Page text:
As a final resort one tenant, Johnathan Cohen, tried to prevent the imminent demolition by seeking a preliminary injunction against Wolkoff under VARA. The court denied the plaintiffs' application for a preliminary injunction but said an opinion would come within eight days. "Rather than wait for the Court's opinion," Block wrote, "Wolkoff destroyed almost all of the plaintiffs' paintings by whitewashing them during that eight-day interim."
 
The landlord and his lawyer have contended that the artists knew for years that the buildings would ultimately be demolished but Block said Wolkoff should have put off demolishing the properties for at least 10 months when he had all his permits. The judge said Wolkoff's "precipitous conduct was an act of pure pique and revenge for the nerve of the plaintiffs to sue to attempt to prevent the destruction of their art."
 
The case is also the first time that a jury decided a VARA claim in court.
 
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The Protest Movement as a Tool for Social Change: Fifty Years Post-King

The Ben F. Jones Chapter of the National Bar Association presents a dynamic day of programming in recognition of 50th anniversary of the death of Dr. Martin Luther King in Memphis. This program explores the protest that brought Dr. King to Memphis in 1968 and the legacy that his untimely death has left on the fabric of the city. The event will focus on the protest movement in its current state as well as provide updated information on the law surrounding assembly, protest and municipal responsibility.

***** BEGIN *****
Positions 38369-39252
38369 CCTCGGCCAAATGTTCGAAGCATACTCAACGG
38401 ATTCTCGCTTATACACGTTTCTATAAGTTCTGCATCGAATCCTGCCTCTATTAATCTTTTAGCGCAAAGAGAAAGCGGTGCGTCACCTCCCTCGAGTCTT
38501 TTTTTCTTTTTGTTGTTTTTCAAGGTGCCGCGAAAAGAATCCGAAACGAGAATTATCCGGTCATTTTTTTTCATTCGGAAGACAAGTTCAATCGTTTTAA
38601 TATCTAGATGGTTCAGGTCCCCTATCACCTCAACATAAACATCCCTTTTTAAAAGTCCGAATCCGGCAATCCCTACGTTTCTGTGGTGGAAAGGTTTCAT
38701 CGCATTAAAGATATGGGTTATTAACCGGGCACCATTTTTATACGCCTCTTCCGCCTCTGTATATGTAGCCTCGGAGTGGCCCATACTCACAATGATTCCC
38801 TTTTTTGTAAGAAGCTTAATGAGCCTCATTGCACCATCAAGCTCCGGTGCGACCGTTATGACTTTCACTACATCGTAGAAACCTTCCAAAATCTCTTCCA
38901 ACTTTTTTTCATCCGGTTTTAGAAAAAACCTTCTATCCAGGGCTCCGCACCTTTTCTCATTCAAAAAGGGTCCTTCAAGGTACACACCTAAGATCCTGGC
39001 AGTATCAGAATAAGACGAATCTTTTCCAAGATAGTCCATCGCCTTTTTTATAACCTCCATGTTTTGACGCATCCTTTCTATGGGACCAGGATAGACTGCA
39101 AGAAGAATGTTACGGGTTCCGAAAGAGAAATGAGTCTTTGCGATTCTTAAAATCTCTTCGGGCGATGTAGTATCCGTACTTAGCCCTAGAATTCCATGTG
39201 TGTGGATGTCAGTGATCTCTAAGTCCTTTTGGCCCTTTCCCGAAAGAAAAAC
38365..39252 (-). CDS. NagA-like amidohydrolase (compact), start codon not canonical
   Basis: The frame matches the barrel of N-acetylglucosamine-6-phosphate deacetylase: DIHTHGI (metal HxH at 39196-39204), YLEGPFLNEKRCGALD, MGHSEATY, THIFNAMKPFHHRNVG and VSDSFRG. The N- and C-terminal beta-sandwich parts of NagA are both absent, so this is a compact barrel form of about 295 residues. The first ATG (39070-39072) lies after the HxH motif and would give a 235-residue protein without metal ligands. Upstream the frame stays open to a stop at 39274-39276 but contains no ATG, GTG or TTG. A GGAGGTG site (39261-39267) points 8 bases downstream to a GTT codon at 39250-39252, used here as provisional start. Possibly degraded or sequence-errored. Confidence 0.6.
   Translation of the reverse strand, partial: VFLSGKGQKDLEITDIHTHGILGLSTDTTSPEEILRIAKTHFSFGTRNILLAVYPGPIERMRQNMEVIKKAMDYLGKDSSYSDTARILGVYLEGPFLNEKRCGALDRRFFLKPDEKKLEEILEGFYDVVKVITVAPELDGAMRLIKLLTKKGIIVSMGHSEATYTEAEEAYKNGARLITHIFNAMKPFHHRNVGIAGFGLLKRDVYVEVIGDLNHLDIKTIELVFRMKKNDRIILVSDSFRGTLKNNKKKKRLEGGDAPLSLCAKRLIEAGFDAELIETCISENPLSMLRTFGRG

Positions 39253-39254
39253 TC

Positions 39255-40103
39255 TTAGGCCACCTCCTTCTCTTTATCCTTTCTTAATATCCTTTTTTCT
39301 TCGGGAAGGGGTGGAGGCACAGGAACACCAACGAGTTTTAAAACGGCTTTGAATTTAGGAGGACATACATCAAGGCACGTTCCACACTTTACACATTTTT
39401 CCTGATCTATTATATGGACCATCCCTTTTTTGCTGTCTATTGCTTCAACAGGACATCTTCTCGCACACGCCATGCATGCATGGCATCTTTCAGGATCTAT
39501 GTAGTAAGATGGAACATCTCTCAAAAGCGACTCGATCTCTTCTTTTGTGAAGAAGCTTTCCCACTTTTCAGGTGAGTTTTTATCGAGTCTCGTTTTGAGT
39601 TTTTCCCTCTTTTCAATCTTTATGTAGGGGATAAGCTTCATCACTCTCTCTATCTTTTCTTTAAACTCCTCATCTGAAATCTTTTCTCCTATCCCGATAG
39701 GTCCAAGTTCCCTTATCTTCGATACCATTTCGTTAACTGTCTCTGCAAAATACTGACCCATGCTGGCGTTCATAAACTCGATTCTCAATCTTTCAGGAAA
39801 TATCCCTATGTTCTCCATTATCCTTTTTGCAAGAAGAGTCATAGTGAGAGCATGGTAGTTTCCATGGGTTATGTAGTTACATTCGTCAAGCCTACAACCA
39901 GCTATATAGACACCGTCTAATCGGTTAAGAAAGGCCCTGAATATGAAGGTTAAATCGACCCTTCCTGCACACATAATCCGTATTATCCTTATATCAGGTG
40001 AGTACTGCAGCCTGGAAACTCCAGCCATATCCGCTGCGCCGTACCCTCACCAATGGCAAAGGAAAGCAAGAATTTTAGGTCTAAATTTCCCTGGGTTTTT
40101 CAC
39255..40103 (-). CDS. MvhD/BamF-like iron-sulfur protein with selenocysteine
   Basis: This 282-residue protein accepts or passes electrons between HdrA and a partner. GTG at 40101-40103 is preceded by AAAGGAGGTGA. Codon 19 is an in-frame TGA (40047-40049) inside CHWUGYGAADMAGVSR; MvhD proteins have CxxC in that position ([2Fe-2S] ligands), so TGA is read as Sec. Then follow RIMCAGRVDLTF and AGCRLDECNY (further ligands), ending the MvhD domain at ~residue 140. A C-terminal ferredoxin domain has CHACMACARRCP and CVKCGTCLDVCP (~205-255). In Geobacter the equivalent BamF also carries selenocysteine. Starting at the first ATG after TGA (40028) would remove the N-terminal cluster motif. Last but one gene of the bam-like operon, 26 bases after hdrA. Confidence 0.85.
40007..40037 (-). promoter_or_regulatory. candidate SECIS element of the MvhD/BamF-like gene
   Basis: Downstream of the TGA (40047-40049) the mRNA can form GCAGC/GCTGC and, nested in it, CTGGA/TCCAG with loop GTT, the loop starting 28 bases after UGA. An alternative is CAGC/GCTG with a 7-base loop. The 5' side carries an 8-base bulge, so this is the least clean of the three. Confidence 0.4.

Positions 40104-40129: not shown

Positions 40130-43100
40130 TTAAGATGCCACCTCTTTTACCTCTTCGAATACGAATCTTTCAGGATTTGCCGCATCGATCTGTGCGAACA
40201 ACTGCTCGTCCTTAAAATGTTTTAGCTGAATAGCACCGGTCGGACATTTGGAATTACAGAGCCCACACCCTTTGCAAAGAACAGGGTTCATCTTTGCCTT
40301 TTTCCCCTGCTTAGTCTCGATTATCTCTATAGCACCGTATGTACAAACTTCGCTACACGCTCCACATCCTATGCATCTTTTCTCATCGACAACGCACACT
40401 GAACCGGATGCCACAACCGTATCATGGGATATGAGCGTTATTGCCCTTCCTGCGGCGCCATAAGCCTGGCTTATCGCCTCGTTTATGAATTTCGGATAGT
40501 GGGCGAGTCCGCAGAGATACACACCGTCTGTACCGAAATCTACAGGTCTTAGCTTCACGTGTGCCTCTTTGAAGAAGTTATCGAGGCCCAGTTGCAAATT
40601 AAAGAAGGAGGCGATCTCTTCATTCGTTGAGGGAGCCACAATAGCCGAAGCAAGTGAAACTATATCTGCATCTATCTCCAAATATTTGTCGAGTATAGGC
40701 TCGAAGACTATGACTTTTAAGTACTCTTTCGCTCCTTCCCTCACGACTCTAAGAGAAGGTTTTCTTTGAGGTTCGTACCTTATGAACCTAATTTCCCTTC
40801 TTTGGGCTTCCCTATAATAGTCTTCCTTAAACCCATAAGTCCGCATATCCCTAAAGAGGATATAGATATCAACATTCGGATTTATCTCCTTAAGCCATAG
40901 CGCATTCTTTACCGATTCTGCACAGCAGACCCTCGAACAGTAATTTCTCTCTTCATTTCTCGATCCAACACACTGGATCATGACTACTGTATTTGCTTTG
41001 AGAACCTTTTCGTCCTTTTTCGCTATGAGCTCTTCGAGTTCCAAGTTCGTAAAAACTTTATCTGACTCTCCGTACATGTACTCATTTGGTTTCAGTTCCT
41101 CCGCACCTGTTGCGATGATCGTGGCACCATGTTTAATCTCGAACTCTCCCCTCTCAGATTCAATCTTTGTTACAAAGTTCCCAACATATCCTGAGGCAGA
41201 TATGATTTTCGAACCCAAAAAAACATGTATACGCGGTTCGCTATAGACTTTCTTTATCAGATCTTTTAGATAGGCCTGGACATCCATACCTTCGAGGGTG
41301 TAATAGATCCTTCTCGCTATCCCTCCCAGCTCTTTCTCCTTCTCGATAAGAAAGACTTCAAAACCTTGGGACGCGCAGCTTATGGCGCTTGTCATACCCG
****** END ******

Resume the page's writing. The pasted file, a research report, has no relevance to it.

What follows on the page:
The program features local historical figures who worked with Dr. King, representatives of the media, City of Memphis, local activists, attorneys and judges.
 
Speakers and producers include:
  • Barbara Arnwine, Esq., CEO and Founder of the Transformative Justice Coalition, Washington, D.C. 
  • Judge Earnestine Hunt Dorse, Municipal Court Judge, Memphis
  • Bill Cody, Burch, Porter and Johnson, Memphis
  • Earle Schwartz, Memphis Bar Association President, Memphis
  • Judge Bernice Bouie Donald, United States Circuit Judge of the United States Court of Appeals for the Sixth Circuit, Memphis
When: Feb. 23, 9 a.m. CST
 
Where: Fogleman Business Center, First Floor Amphitheater, 330 Innovation Dr., Memphis, Tennessee 38152
 
Contact Florence Johnson by email or call her at 901-725-7520 for more information.
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TBA Gears Up for 2018 Mock Trial Tournament

The Tennessee Bar Association will host the upcoming Tennessee High School Mock Trial Tournament on March 23 and 24 in Nashville. The Mock Trial is a two-day, single-elimination bracket-style competition where 16 high schools face-off against each other in the Davidson County Courthouse. Each team is scored on their trial preparation and skills.